|Early 20th Century|
Enormous, exhuberant, multicoloured,fantastic palmettes are asymmetrically placed along stiff midnight blue flowering vines. Each palmette explodes with a wide variety of colours and lively internal details : botehs, blossoms,eccentric petals,scaly seedpods,sword-like stamens. Each motif is incredibly colourful,and the whole carpet has at least a dozen colours,including powder blue, sky blue, navy, straw, pale green, rust red, tomato, black, ivory, salmon and blue green.
Each major palmette has a unique colour scheme and their shapes are scattered about the field in an almost random positioning. There is no axis of symmetry anywhere. The small flowers growing from the vines are equally individual and no two are alike. The pattern descends from late 19th century Heriz carpets in the Bakhshayesh style, but none are as colourful and uninhibited as this one.
The borders are in a much smaller scale than the field and are more restrained. The navy main stripe has a double yellow vine with rosettes and palmettes.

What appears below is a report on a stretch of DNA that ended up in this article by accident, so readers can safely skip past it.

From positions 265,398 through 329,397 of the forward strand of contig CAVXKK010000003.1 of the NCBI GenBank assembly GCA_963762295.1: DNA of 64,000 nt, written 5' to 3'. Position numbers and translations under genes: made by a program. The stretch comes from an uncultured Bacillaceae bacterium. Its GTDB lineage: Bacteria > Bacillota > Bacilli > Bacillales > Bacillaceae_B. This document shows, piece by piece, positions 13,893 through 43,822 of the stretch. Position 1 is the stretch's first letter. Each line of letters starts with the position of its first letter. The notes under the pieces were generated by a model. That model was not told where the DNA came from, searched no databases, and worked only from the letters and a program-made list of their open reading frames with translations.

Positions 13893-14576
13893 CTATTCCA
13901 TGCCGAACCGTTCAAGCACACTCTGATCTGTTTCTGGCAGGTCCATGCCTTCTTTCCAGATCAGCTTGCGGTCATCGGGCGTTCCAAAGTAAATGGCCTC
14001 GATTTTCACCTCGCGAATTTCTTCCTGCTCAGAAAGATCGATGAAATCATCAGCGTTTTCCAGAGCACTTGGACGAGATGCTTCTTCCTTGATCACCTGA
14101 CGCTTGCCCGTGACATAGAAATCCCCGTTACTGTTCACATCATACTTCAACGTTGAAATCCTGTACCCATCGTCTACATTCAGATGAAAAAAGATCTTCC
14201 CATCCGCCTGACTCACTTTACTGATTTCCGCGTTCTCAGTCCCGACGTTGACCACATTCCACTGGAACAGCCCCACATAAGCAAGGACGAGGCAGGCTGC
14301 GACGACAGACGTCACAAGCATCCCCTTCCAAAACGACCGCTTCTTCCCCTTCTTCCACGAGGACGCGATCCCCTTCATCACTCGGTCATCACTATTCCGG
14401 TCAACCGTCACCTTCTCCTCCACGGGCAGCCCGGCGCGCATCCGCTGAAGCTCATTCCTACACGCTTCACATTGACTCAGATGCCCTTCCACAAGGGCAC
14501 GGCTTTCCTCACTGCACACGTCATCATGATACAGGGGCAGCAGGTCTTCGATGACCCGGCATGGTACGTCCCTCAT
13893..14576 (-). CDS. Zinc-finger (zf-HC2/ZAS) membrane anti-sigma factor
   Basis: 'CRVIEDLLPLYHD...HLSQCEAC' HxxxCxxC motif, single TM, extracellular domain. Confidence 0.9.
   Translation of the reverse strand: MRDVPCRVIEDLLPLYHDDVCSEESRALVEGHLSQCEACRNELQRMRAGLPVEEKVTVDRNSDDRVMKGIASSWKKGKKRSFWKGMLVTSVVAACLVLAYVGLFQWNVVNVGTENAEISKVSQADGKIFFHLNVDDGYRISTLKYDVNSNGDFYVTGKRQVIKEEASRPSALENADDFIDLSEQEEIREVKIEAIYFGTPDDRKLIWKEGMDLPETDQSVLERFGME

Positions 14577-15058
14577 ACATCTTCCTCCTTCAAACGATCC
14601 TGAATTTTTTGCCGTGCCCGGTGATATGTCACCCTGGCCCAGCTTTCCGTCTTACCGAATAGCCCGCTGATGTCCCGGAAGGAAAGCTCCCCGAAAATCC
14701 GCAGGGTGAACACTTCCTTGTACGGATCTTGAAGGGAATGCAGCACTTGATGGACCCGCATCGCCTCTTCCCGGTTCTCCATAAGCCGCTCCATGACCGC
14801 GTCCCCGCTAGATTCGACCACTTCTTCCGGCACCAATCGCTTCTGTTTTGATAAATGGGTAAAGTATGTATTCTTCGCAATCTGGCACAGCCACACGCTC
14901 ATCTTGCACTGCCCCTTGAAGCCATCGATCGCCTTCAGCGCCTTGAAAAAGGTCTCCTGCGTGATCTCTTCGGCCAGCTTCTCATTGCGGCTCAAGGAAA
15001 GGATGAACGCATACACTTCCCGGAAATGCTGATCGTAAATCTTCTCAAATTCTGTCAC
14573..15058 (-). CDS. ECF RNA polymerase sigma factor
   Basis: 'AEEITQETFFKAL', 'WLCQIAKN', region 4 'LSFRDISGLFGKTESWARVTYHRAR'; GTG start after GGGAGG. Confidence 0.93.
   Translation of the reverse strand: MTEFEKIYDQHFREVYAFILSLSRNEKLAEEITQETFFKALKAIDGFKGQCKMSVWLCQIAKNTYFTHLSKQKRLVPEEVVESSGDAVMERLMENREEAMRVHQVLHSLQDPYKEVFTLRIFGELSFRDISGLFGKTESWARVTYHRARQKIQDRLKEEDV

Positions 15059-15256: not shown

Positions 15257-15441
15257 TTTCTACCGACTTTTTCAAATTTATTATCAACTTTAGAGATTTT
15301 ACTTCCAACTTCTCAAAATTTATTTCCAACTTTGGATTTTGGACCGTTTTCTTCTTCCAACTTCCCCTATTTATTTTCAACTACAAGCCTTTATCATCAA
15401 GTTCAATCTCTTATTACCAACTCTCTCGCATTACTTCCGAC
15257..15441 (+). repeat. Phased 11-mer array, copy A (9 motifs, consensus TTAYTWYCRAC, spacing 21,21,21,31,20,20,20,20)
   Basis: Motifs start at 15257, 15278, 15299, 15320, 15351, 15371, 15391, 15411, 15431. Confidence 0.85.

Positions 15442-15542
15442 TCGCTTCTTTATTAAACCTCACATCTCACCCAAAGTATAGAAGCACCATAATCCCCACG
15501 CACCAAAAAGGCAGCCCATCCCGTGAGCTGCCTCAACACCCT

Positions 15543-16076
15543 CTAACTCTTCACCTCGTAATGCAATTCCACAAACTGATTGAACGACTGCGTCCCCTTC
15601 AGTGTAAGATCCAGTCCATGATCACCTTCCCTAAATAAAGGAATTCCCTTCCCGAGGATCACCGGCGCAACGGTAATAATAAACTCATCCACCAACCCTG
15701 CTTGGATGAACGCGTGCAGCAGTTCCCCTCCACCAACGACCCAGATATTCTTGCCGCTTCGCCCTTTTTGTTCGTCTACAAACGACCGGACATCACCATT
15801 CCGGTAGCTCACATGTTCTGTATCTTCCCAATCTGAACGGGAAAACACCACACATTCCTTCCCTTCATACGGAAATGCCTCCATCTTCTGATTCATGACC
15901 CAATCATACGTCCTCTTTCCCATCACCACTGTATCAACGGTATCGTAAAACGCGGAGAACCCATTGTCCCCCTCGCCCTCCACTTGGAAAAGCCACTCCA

Many allover design carpets have an implicit or tiny central element,but this visually arresting carpet has none. The design may ultimately relate to 17th century Kerman "vase" carpets, but is much wilder and undesciplined. This is one of the most fun Heriz rugs on the market.
|Location of Origin: Middle East / Western Asia / Northern Africa|
|Dimensions: 11.1 x 8|
|Primary Classification: Textile Arts : Central Asian / Middle Eastern|
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